It’s as Easy as 1, 2…10!
In this article, we will share more about what are they, how to use coaching cards in 7 simple steps, and why you should use them.
What are Coaching Cards?
You will have used playing cards. Ace, King, Queen, etc. for Poker and other card games. Coaching cards are similar in size and feel. The difference is that coaching cards are used by coaches to coach a person to be the best version of themselves.
Why Use Coaching Cards?
Don’t – accept that you are a line manager who tells. This means that you’ll always tell and probably be very frustrated asking yourself questions like, ‘Why can’t they just think for themselves?’. The answer to this is because why should they think when you solve every query they bring to you, and when they previously tried to do it themselves, they got it wrong, and you told them so.
The alternative is to know that Google created Project Oxygen some years back. This project was all about understanding management performance. They analysed over 10,000 appraisals, performance, and evaluation documents. Their two conclusions were staggering:
- The skill that line managers sucked at most? Coaching.
- The skills that line managers needed most? Coaching.
Most line managers have dabbled in coaching but find themselves thinking – ‘I could tell them in half the time’. Yes, you could, but remember the phrase about the man and his fish?
“You give a poor man a fish and you feed him for a day. You teach him to fish and you give him an occupation that will feed him for a lifetime.”
If you are always your team’s crutch, their support, then expect that if you continue being so, it will become permanent. A permanent crutch for them to really on. The alternative?
Even if you’ve had no coaching and only have a little idea about what to do with coaching, grab a pack of our coaching cards, and then read, and listen. Let them, the coachee, do all the ‘work’. Your job is to listen 80%, talk 20%, and ask the questions. The coachee has all the answers they need. You just need to help them to find those answers.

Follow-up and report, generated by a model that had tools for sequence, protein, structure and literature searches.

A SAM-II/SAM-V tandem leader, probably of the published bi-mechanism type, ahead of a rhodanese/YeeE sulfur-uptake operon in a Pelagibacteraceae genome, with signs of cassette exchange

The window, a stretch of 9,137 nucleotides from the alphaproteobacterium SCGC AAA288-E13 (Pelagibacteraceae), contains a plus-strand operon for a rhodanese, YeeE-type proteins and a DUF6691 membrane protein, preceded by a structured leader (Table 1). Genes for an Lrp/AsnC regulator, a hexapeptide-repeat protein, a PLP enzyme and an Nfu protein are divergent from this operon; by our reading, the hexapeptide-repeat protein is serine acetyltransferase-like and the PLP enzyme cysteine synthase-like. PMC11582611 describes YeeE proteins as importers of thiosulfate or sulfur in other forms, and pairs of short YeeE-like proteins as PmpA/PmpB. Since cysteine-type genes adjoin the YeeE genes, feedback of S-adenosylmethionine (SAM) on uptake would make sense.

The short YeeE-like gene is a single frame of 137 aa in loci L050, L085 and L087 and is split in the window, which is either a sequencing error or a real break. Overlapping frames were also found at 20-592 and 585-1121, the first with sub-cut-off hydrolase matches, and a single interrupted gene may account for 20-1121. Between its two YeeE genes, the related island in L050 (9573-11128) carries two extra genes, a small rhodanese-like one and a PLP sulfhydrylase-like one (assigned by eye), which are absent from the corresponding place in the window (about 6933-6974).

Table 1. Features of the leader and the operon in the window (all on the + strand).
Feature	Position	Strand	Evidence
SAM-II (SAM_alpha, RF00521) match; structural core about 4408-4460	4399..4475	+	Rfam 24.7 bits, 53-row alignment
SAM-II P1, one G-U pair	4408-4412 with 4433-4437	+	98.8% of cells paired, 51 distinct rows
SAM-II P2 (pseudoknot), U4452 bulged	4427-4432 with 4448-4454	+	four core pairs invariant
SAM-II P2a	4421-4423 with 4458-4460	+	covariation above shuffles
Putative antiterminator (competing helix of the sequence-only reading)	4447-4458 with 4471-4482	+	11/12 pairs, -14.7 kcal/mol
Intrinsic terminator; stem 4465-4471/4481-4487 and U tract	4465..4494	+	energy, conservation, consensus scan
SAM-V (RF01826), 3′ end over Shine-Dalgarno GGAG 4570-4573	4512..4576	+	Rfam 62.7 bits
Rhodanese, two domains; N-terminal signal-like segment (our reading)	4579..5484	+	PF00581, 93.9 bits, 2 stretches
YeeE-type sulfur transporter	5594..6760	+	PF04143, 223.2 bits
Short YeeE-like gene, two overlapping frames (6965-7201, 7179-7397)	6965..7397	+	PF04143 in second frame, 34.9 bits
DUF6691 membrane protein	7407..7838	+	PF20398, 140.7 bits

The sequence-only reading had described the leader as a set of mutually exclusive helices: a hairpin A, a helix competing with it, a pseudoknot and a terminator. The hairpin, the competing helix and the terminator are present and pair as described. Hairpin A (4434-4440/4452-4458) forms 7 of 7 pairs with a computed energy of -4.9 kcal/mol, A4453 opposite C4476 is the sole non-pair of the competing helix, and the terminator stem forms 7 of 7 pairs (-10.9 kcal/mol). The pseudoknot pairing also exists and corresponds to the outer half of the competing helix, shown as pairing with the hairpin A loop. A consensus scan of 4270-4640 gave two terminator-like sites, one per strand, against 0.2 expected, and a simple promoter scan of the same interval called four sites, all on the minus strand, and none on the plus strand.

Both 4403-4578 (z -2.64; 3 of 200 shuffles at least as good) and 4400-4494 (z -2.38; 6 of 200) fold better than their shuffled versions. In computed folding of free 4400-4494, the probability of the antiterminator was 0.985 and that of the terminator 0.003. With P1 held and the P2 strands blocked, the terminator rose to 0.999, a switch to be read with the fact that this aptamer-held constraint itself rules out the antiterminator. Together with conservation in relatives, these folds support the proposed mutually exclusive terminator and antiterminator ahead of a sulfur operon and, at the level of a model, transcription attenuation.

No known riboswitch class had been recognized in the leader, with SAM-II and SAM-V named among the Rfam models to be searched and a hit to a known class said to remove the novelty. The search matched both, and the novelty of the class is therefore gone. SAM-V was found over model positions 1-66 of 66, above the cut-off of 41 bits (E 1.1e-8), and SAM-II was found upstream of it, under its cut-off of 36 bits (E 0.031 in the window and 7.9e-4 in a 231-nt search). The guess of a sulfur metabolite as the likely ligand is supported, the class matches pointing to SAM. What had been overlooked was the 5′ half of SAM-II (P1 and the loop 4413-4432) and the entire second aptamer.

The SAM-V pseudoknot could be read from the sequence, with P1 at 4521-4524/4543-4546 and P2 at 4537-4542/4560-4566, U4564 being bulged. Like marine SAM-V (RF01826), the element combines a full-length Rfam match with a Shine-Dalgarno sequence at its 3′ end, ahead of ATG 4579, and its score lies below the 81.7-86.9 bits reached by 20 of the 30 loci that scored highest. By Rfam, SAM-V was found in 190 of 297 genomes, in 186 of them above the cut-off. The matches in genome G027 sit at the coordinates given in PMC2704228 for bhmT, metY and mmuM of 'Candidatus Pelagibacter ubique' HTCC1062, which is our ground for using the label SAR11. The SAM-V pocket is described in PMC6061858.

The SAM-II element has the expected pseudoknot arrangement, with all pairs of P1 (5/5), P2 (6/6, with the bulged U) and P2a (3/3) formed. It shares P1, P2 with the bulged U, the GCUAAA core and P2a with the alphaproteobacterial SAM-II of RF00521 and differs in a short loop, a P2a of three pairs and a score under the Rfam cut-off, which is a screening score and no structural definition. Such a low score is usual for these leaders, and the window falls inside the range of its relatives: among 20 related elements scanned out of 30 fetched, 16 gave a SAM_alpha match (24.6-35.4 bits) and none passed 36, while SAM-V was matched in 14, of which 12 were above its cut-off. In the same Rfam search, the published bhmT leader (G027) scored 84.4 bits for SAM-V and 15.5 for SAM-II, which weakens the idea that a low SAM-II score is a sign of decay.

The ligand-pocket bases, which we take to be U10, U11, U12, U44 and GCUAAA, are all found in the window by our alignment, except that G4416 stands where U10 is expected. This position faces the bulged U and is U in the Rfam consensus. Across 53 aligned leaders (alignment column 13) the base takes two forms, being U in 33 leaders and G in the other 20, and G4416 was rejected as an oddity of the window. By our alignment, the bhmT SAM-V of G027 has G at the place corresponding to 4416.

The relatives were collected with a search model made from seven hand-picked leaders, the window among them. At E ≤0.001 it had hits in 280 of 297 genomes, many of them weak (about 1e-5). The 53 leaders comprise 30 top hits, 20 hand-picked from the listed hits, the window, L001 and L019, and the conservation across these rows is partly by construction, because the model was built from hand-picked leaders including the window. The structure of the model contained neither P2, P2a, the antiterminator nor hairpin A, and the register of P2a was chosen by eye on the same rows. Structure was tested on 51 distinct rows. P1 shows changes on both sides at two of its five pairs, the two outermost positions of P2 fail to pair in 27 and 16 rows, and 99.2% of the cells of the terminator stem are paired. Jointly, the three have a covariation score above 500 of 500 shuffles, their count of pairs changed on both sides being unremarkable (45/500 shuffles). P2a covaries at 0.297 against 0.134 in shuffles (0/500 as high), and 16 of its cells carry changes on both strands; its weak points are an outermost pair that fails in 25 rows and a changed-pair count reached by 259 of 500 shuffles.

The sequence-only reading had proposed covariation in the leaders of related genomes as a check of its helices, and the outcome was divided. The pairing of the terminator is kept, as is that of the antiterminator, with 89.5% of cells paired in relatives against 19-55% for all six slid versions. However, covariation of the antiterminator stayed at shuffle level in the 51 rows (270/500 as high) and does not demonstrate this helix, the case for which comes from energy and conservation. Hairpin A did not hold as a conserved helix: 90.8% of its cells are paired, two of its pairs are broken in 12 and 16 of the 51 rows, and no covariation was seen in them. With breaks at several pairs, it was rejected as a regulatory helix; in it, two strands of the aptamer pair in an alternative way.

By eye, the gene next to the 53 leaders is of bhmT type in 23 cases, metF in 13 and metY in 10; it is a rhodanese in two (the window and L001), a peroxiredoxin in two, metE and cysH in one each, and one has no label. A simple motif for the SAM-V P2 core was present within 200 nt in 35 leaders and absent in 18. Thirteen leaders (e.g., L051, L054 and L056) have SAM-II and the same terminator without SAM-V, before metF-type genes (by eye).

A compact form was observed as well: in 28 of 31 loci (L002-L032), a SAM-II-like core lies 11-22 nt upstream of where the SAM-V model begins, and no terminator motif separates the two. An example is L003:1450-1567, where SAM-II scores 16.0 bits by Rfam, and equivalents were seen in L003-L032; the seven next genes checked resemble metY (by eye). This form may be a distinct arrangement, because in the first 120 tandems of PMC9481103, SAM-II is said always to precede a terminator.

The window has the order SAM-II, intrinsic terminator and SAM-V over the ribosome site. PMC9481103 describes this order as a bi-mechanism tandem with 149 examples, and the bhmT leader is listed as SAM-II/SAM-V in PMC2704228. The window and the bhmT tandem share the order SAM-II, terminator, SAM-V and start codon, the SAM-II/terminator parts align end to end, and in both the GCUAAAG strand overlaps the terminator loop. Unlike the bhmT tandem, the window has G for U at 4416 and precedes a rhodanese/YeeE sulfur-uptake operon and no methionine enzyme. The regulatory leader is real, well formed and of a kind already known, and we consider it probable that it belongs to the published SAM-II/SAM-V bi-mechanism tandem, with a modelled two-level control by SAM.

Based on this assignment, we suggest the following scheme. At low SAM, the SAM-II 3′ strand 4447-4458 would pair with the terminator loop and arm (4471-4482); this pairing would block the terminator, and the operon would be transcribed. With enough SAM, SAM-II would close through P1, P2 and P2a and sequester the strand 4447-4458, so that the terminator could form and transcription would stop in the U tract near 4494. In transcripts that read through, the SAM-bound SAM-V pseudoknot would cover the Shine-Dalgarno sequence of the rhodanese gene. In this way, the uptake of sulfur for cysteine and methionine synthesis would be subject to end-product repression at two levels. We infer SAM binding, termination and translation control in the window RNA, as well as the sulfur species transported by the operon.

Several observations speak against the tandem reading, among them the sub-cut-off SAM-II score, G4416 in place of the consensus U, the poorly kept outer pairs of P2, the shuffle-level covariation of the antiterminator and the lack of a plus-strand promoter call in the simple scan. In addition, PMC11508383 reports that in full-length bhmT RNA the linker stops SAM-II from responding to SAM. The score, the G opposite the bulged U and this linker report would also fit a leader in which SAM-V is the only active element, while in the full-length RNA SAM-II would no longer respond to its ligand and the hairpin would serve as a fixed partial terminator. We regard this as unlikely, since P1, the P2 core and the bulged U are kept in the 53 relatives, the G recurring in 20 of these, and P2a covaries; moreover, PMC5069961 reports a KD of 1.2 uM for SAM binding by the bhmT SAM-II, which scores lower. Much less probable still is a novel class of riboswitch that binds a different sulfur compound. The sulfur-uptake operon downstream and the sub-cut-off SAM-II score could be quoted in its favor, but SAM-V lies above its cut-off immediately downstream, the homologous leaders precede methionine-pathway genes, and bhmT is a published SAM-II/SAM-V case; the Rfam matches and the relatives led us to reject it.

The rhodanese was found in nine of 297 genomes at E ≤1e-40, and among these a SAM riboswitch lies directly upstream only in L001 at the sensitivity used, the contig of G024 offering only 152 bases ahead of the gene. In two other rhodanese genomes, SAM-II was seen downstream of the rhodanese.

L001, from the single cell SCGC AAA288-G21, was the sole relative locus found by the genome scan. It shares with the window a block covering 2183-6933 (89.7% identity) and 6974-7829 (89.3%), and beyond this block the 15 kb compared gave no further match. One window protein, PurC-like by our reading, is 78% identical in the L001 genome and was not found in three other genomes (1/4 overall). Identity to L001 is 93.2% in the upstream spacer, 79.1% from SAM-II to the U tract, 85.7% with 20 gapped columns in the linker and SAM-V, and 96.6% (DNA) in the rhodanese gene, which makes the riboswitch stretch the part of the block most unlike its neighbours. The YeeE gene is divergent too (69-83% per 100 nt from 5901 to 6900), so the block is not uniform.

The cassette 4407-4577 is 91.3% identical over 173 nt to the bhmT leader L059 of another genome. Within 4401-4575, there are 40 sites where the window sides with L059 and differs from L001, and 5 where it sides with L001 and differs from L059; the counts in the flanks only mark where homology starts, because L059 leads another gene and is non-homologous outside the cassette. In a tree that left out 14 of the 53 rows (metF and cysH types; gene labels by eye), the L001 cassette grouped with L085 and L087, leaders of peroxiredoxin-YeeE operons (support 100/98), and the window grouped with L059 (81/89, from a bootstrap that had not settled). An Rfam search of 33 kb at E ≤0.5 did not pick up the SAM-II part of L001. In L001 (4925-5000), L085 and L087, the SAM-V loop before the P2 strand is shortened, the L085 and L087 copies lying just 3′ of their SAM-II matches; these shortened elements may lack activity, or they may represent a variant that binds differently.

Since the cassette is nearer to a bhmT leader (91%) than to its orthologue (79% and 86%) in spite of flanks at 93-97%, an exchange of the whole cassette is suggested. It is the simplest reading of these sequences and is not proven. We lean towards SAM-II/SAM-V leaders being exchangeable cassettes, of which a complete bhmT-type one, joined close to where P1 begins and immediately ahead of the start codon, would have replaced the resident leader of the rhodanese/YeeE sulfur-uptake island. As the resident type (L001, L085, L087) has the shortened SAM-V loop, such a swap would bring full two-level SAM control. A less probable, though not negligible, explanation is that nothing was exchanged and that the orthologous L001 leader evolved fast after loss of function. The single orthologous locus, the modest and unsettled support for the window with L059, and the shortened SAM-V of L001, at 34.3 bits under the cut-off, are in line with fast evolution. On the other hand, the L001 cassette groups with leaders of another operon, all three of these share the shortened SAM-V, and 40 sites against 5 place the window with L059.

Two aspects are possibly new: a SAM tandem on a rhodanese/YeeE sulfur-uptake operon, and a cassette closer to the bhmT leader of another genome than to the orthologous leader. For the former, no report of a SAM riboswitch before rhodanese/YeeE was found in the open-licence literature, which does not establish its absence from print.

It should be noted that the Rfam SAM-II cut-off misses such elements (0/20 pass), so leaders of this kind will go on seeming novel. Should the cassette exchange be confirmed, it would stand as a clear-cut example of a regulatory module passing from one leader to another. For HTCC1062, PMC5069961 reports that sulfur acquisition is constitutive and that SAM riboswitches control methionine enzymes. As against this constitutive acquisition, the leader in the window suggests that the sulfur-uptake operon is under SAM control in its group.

How to Use Coaching Cards
Imagine two people in a meeting room. A line manager and one of their team. The team member recently lost a negotiation, finding themselves having to escalate the negotiation to their line manager. The line manager could simply tell them what they did wrong and what they would do.
This particular line manager understands the power of coaching, so they first share their feedback using the SBI model, and then secondly invite them to a coaching session next week, where they’ll help them to understand how to be a more effective negotiation. The team member thanks them for the feedback and agrees. We are at that meeting – the two of them in the meeting room…
Sitting not opposite, but at a 45-degree angle to each other and ideally not across a table. The line manager selects the negotiation coaching cards deck, from the many coaching card decks available. They then follow the instructions on the Instructions card:
10 Simple Steps for How to Use Your Coaching Cards
- 1. Book a meeting with your coachee (that could be yourself) for 30-60 minutes.
- 2. At the start of your session explain to your coachee that this is a negotiation coaching session:
– They should bear with you as you learn and get used to coaching with the
– You will invite them to give you feedback at the Ask them to keep an open mind.
– There might be some bumps and pauses as this is a new approach to personal development or
- 3. Start with the whole deck of+ 70 cards in front of Set your instructions cards to one side.
- 4. Shuffle through and separate your 4 stages into individual piles.
- 5. Begin with the I 5 ‘Prepare’ stage coaching cards in your hand.
- 6. Pick out the most appropriate questions from these first 15 You do not need to ask all I 5 questions, and you do not need to ask them in the order you have found them. Your aim is to help the coachee to think about their negotiation ‘capturing’.
- 7. Start asking and see what comes
- 8. Repeat the above steps for the other 3 stages; Explore, Fight and Count.
- 9. Finish the coaching session when the coachee has had some ‘lightbulb moments’.
- 10. Your last step is to get some feedback for yourself as the coach.
The Pitfalls of Coaching
You Talk Too Much
Don’t. There is a temptation to tell them the answer. This is telling. There is a temptation to share your experience – this is mentoring. Whilst the purist coaches claim that there should be no telling and no sharing, in moderation, and in the name of helping your coachee to progress, it is ok to do so.
You Feel Stupid
You might. If you feel like this and show it, they will too. Fake it until you make it by at least pretending that you are coaching an Olympic athlete to win a gold medal. Serious business. So, be serious. This is an important session for the coachee because they just messed-up their negotiation and they want your help to help them to find the best version of themselves.
You Struggle with the Model
Whilst John Whitmore came up with an excellent model from coaching – GROW; Goals, Reality, Options, and Way Forward, there are many other models available. Some of our decks follow his model and some follow other models. The point is that whilst the models are good for helping you to follow a roadmap, the only real aim of coaching is to help the coachee to solve their own problems. As long as you achieve this, no cares what model you used.
You Feel like a Fraud
You feel like this because whilst you are their line manager it does not mean that you do all skills better than your team. And that should not be your aim. Your aim is to lead a team effectively, not to do all their jobs better than them. A coach is not a subject matter expert. Below is an image of Usain Bolt’s coach – you see what I mean?!